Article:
The first company I worked for out of college had a lot of politics*.
“Maybe politics is inevitable. And part of having a job is learning how to navigate people and make your contributions visible so that you can get promoted.”
I thought. So of course, I spent considerable effort on making my contributions visible. While I accepted the fact, I was frustrated and believed there ought to be a better way. I realized I felt as if I needed to appear successful because there wasn’t a clear definition of success. Our teams had no OKRs or systems for decision-making. Because there wasn’t a clear definition of how an employee is promoted, I thought I could get there by schmoozing with the C-suite instead of finishing the mock-ups for our next product.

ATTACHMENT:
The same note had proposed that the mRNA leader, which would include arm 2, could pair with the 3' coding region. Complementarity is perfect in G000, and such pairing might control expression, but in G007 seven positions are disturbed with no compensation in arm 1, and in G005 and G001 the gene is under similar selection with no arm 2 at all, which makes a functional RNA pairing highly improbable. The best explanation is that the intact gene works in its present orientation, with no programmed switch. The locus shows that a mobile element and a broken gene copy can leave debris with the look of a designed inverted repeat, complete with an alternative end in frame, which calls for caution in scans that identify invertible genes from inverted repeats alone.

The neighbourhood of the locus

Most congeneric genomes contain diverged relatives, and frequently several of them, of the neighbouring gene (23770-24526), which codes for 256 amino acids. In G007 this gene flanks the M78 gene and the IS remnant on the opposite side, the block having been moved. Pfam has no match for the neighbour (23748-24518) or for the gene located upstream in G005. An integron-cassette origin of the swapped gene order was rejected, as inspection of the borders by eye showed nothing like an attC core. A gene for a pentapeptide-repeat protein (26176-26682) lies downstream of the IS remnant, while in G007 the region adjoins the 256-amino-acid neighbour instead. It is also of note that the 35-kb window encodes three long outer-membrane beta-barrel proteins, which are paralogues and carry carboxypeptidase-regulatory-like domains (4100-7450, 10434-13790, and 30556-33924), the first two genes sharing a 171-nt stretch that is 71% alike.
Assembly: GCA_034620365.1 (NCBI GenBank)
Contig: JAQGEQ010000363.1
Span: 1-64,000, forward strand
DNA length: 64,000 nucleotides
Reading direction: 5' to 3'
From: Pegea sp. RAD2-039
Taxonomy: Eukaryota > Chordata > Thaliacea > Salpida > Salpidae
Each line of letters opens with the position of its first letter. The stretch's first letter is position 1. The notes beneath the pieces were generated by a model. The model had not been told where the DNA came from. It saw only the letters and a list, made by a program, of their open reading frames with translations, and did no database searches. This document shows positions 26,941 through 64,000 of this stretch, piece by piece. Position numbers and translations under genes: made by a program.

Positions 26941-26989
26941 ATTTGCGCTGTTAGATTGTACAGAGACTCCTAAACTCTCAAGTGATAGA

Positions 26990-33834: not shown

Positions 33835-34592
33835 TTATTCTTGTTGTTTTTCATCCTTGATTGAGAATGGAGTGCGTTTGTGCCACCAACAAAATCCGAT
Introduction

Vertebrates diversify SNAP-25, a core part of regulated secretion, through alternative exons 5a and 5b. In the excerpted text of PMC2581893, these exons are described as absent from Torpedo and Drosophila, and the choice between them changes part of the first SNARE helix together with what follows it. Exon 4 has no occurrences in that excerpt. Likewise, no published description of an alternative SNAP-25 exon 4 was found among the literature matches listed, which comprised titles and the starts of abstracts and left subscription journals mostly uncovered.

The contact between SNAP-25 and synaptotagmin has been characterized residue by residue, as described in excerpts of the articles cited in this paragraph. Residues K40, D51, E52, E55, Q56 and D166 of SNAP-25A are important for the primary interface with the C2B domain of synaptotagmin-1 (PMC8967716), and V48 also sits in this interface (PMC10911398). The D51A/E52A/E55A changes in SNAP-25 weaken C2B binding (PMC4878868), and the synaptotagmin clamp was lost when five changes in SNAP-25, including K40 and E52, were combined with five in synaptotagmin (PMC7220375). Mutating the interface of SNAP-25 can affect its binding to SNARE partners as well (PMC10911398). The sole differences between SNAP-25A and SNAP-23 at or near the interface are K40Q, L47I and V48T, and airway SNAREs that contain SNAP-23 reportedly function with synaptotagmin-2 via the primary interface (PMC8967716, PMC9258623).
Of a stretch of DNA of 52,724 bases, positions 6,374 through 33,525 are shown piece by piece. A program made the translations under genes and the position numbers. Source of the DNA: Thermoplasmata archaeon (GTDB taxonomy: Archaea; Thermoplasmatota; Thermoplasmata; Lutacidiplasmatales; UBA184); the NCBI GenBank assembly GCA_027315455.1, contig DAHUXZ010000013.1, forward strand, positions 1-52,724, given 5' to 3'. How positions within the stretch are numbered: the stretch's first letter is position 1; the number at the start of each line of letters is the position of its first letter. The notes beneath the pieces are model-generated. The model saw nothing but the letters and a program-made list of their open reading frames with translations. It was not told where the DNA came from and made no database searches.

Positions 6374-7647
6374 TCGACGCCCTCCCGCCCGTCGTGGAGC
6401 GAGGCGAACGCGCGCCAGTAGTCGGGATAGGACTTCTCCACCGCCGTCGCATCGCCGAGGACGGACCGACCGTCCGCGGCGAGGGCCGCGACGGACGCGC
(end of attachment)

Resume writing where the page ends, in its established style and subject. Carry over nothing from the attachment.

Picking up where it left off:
When success is poorly defined, people find ways to achieve the appearance of success.
When I asked K at Uber whether people were ever promoted because they were good at appearing successful, but didn’t have the skill. She replied, “No, if they didn’t have the skill, they would be fired.” She explained that at Uber, each team and individual knew their definition of success, and if they didn’t meet that criteria, they would not advance.
When success is clearly defined, people are no longer making decisions based on how others will react, but rather, on what they genuinely think will help reach the team’s set goals, moving the company forward.